Travels with my grant – James Bradley

01 November 2017 - By: James Bradley

Travels with my grant – James Bradley

James Bradley

James travelled to the 14th World Congress on Parasitic Plants (Asilomar, USA) to present his research entitled “A Comparative Genomics Approach to Investigate the Genetic Differences Between Striga Asiatica Ecotypes”.

One of the major highlights of the conference was its breadth of coverage of parasitic plant research: we heard the latest advances from biological disciplines as diverse as genomics through to ecology, as well as the latest technology being used to monitor and control the few particularly weedy parasitic plants that pose a serious agricultural problem. The threat that these few weedy parasitic plants pose to agriculture has meant that bulk of the research is focused on a small selection of parasitic species, many of which are in the Orobanchaceae family and include the notorious Striga hermonthica, Striga asiatica and Orobanche cumana. Having said that, there were some very interesting presentations on less well-studied parasitic plants, such as those within the Balanophora genus, which I learnt represents one of the oldest parasitic angiosperm lineages and appears to have a reduced plastid genome. The biological insights into these less well studied but extremely fascinating parasitic plant species was also a personal highlight of this broad-spectrum conference.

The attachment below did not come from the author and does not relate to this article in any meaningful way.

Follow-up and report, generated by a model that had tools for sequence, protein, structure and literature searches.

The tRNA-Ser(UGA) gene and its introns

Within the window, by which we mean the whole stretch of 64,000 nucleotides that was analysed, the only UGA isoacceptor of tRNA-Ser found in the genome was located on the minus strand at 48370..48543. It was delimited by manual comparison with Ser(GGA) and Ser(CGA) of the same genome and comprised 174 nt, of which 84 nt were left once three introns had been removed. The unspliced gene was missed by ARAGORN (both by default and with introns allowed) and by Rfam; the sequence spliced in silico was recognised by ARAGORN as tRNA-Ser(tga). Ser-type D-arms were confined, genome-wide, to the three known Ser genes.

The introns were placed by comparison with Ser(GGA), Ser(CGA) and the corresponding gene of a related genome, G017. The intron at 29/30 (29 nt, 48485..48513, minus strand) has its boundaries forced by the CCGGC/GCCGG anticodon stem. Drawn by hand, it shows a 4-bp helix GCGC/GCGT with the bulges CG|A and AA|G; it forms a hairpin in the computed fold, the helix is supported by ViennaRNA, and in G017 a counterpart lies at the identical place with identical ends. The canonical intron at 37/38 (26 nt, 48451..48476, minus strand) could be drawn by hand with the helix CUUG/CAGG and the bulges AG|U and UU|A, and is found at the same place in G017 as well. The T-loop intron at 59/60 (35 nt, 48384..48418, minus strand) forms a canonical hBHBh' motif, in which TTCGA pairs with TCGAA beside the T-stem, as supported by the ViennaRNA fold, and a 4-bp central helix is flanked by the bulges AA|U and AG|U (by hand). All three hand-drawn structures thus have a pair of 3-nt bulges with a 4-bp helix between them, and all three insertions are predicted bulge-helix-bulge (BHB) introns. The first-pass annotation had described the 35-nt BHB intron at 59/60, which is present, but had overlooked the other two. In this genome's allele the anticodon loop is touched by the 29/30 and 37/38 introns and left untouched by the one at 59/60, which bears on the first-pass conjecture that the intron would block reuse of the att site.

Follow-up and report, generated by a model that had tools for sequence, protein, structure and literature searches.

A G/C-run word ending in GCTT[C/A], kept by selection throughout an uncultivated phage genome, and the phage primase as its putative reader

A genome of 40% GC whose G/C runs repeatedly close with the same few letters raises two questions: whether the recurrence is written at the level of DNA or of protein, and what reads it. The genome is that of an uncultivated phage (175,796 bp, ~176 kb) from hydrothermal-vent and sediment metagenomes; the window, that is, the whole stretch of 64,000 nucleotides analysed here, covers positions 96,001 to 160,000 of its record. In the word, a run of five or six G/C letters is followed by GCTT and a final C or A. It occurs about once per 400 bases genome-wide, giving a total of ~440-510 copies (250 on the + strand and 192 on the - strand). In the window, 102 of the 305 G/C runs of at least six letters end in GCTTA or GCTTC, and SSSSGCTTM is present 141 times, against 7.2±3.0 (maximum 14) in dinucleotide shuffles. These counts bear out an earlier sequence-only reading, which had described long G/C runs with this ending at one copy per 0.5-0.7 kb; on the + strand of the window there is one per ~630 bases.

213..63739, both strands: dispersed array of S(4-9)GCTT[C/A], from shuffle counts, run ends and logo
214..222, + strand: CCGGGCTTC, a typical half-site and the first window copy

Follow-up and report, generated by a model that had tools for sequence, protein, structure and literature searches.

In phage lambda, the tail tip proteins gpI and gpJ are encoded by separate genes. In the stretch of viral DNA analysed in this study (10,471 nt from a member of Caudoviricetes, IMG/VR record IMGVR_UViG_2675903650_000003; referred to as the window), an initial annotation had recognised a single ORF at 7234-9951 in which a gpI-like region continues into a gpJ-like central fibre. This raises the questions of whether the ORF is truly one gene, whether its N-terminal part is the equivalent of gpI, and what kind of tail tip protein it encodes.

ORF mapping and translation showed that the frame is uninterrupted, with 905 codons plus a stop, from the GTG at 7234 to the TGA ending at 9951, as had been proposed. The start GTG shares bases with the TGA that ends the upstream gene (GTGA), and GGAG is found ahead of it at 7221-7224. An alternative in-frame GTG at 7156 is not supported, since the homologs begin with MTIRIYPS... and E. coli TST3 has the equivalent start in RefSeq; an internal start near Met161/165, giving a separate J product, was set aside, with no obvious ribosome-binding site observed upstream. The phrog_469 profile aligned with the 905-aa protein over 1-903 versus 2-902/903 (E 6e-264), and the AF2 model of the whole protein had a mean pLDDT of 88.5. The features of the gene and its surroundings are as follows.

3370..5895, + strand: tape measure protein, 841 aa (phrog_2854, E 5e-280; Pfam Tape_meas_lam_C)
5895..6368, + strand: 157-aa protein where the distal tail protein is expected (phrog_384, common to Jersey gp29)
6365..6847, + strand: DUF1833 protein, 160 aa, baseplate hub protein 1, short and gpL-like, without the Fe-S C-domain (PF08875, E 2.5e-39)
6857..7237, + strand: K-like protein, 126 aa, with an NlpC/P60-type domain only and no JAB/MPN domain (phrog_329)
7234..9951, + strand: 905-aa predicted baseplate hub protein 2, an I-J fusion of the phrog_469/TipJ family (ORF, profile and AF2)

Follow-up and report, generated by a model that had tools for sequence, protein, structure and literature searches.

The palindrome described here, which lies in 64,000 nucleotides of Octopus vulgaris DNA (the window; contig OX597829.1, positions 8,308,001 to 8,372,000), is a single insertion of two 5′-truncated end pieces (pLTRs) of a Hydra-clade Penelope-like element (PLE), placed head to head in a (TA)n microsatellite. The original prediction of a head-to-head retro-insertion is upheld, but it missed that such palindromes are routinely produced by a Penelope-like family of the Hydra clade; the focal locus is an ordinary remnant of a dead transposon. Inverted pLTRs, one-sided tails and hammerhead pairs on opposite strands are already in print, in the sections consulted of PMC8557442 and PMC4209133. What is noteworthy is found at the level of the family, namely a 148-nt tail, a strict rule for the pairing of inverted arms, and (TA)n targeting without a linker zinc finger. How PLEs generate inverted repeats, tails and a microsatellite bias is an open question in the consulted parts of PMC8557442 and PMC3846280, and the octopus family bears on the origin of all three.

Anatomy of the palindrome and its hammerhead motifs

During the conference, it became clear that many groups aim to obtain whole genome sequences for the various weedy parasites mentioned above. Indeed, one of the research highlights of the conference was the presentation of the first whole genome assembly for a parasitic plant, Orobanche cumana (sunflower broomrape), which represents a major milestone in the advancement of parasitic plant research. This work was presented by Stéphane Muños from INRA (French National Institute for Agricultural Research), who highlighted the exciting opportunities this genome will provide to gain insights into the genetics that underpin host-parasite specificity. This is particularly the case when studied in combination with the recently published genome of sunflower, which is the main host plant of O. cumana.

Overall, this conference has taught me a great deal about current scientific opinion in parasitic plant research, and also helped me understand and appreciate some of the excellent scientific progress that has been made in understanding the biological mechanisms underpinning processes unique to parasitic plants.

It also provided me with an excellent opportunity to meet with and talk to many researchers in the parasitic plant community.

Category: grants